It was almost 100 years ago that insulin was discovered, enabling people with type 1 diabetes to stay alive.
Since then, we have seen tech nological developments allowing people with the condition to not only stay alive, but also have an easier life.
Not only do we have insulin pumps, which deliver insulin to the body through a catheter, but also flash glucose monitoring and other tools to check blood glucose levels.
These products have dramatically improved lives for many people living with type 1, which is why it’s astonishing the Freestyle Libre flash glucose monitoring system – prescribed by local GPs – is not available through all health boards.
Over 30,000 Scots have type 1 diabetes. If they were diagnosed at the age of five, come their 18th birthday they would have endured 50,000 finger prick tests. Each painful test is vital as part of a daily routine, including balancing carbohydrate intake and frequent insulin injections, to prevent life-threatening hypoglycaemia.
If prescription policies were stepped up and rolled out across all local health boards enabling every person who could benefit from one to be entitled to a Freestyle Libre, which gives a glucose reading via a simple sensor, constant finger prick tests can be avoided.
I am a working mum, I have two small children and I have lived with type 1 diabetes for more than 20 years, but having a Freestyle Libre on prescription means I can manage my condition easier and get on with my life as best as I can.
Quite often I hear parents of children with type 1 say that the autoimmune condition has robbed their children of being spontaneous.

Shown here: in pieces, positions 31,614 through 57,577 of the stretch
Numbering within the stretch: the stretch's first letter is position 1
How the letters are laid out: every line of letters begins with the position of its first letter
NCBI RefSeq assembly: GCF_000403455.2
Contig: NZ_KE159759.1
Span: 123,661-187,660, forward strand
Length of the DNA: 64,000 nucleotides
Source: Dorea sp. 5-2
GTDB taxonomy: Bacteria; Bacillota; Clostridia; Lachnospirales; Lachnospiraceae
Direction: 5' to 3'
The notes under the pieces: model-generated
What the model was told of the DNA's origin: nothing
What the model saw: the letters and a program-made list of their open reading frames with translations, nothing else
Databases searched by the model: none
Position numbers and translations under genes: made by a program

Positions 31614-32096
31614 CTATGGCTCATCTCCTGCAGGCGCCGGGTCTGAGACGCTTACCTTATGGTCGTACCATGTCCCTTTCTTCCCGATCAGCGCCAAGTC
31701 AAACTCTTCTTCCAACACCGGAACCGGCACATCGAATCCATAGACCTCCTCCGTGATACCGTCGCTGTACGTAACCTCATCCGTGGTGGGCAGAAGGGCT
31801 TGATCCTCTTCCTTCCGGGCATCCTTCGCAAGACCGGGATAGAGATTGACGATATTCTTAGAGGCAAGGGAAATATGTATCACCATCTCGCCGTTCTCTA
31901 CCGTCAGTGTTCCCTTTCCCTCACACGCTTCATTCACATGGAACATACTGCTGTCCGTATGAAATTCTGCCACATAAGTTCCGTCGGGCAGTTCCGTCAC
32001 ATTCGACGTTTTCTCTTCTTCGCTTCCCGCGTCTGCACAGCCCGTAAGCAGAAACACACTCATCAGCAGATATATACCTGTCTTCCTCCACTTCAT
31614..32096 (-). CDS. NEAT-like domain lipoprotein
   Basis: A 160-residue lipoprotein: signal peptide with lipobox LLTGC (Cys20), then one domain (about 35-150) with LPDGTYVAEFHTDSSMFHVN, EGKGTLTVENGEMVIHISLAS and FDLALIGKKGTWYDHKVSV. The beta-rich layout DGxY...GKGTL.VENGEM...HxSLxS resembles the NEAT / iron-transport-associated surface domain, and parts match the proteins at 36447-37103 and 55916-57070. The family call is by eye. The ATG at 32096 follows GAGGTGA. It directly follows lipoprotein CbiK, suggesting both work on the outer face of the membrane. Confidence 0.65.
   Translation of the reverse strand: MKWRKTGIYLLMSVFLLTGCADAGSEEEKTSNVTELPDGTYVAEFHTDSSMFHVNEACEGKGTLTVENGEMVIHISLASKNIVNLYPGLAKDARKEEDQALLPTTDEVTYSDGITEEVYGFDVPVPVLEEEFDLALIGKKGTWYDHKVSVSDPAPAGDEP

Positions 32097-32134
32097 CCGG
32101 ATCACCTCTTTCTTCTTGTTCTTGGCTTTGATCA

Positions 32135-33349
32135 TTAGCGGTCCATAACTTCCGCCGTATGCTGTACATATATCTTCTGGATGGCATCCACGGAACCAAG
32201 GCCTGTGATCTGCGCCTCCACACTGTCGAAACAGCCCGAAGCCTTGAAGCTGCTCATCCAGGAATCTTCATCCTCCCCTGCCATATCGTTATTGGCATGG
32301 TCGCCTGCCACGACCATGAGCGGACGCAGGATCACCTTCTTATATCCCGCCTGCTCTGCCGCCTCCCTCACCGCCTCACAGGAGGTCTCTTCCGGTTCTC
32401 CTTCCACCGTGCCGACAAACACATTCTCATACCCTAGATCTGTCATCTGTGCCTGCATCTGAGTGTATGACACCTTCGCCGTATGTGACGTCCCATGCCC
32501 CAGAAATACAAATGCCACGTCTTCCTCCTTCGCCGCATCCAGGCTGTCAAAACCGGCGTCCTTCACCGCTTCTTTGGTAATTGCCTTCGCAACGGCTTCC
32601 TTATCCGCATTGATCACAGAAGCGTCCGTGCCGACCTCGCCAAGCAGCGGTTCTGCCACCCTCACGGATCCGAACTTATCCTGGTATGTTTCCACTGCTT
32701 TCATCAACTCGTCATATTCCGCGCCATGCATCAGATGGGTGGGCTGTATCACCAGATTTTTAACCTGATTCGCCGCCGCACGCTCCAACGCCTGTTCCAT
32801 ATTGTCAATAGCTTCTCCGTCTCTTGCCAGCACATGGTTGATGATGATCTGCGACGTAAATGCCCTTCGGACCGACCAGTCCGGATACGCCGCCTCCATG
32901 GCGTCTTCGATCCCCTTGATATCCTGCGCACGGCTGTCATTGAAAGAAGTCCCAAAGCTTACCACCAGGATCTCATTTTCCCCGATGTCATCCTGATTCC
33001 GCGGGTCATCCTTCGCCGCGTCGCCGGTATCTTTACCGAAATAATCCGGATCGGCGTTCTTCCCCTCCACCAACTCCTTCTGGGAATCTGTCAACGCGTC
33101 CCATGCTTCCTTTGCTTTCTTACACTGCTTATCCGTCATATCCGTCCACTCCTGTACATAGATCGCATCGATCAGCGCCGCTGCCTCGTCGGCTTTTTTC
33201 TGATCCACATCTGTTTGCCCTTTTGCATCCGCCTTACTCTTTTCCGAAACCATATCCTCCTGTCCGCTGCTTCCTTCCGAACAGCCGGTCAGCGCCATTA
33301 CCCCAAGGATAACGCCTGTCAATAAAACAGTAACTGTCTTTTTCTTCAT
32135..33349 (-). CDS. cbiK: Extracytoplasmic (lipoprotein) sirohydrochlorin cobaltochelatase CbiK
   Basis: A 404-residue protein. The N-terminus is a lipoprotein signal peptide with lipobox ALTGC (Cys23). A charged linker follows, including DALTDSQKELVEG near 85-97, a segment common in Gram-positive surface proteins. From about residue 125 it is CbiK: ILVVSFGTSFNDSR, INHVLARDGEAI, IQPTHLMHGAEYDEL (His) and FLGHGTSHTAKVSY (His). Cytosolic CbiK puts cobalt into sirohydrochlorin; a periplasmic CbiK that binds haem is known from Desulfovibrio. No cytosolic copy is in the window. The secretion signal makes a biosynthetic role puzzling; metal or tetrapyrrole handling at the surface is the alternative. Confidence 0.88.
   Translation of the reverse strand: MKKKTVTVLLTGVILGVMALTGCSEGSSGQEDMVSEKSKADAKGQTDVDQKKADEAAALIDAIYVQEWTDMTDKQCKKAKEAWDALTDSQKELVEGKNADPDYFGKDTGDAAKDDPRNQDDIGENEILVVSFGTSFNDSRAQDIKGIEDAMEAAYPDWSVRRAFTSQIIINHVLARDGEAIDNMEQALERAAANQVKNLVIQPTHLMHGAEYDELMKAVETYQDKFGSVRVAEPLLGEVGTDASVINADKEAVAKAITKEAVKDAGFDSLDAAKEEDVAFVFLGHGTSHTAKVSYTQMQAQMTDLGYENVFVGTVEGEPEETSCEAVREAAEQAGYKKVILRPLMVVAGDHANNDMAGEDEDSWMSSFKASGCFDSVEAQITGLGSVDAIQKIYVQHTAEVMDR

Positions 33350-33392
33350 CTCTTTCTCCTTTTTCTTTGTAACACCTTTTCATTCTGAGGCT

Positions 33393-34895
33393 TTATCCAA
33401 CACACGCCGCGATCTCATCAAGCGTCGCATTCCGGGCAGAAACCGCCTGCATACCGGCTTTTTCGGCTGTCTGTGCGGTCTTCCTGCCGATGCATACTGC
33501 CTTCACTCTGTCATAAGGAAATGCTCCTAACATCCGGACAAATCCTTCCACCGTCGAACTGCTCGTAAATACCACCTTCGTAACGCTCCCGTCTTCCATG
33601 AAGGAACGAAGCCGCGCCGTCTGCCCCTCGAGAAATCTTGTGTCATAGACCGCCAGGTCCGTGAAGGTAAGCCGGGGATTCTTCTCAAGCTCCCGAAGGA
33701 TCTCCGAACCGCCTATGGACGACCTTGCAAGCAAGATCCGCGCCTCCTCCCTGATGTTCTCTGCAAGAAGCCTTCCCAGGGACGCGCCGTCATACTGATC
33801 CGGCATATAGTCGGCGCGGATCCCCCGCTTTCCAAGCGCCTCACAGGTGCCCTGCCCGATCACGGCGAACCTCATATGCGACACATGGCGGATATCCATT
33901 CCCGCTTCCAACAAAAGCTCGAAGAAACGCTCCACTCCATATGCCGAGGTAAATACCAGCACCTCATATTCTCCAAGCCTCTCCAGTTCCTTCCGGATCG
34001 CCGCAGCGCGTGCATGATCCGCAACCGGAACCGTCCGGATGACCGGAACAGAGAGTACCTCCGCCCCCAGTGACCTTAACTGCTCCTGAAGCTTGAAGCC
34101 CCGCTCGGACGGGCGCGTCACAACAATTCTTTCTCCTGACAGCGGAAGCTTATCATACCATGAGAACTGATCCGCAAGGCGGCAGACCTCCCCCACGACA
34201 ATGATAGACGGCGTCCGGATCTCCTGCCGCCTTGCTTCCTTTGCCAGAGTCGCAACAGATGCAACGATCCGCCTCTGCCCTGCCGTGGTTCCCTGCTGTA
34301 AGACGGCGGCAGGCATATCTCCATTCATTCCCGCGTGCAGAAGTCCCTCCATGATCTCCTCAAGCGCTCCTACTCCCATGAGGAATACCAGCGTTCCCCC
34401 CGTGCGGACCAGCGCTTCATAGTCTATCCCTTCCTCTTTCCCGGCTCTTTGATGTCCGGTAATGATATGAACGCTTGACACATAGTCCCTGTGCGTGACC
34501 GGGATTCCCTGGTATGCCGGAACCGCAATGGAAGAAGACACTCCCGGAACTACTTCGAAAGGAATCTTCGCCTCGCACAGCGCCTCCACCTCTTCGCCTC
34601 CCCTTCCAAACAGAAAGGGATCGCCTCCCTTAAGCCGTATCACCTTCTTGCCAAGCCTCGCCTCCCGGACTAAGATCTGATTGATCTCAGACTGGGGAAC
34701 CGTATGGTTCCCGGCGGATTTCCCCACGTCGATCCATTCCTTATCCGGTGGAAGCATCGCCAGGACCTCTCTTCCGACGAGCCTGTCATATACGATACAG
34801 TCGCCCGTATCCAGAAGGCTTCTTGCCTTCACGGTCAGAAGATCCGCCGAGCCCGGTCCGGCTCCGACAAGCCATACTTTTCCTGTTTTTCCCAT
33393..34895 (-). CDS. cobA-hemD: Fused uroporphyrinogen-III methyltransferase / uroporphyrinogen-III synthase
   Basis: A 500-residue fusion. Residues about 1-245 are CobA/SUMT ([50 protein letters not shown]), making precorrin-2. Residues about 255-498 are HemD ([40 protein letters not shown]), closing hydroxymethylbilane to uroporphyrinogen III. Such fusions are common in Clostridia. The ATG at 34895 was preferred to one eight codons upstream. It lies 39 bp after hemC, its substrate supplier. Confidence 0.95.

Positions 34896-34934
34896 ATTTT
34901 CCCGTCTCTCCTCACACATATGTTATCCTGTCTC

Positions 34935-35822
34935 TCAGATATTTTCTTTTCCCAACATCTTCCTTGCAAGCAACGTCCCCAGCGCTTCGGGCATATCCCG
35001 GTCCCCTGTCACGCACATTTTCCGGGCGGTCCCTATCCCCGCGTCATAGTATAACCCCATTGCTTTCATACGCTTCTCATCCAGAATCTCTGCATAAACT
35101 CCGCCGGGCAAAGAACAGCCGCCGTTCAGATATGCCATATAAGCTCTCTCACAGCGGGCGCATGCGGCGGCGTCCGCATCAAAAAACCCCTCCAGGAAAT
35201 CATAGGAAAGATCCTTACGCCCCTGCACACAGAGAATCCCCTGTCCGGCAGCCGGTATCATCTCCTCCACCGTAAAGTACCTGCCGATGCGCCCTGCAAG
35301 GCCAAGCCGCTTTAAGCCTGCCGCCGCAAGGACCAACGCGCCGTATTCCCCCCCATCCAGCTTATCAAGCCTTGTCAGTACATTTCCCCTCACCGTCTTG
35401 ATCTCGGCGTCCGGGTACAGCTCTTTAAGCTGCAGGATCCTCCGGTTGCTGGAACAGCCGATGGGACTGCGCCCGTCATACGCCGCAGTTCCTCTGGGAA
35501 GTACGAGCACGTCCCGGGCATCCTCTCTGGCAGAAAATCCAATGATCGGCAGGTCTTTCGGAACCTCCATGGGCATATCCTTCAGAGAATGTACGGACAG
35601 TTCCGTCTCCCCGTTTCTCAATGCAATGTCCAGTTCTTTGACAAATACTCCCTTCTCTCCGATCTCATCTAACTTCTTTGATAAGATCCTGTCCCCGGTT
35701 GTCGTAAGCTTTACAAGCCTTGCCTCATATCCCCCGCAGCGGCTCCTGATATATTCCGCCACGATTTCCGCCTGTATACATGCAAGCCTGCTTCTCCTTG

Sleepovers are pretty much out of the equation as many parents, for peace of mind, check glucose levels the night and there is the constant worry of them having a hypo – when blood glucose levels go too low, potentially leading to serious consequences.
Or if the doorbell goes and friends are looking for them to come out to play: A child can’t put on their trainers and run out the door – they need to check their glucose levels and if they’re not in the range where they should be, they need to administer insulin, then sit and wait for 15 minutes before doing another check.
Try telling this to an energetic child who just wants to be like their friends and go and play – their face crumples knowing they can’t run straight out the door.
That’s why medical research charities such as JDRF call for support and why the general public, friends and family members play a vital role towards finding treatments and cures.
We are grateful to our fundraisers, many of whom take on physically gruelling tasks to raise money.
We have a prolific police officer from Aberdeenshire who has raised in excess of £40,000 in five years by taking on duathlons and triathlons, while others up and down the country raise thousands for Type One Tea Party and World Diabetes Day celebrations. Our annual balls in Edinburgh and Aberdeen have also raised over £300,000.
These acts of kindness are what is driving us towards a cure and yes, I believe there will be one for type 1 diabetes.
Technological advancements have come on leaps and bounds in the last century, and we have supported the development and testing of a world-leading, UK-based artificial pancreas project which consists of a continuous glucose monitor, an insulin pump and an algorithm, working together to automatically measure and regulate background blood glucose levels.
It promises to significantly reduce the worry and guesswork from managing type 1 diabetes and has the potential to be transformational for those with the condition.
With the country having the one of the highest incidences of type 1 diabetes in the world, we need to put a stop to this condition – which will only happen through continuous development into research and technology.
Holly Davies, Development Manager East Scotland, JDRF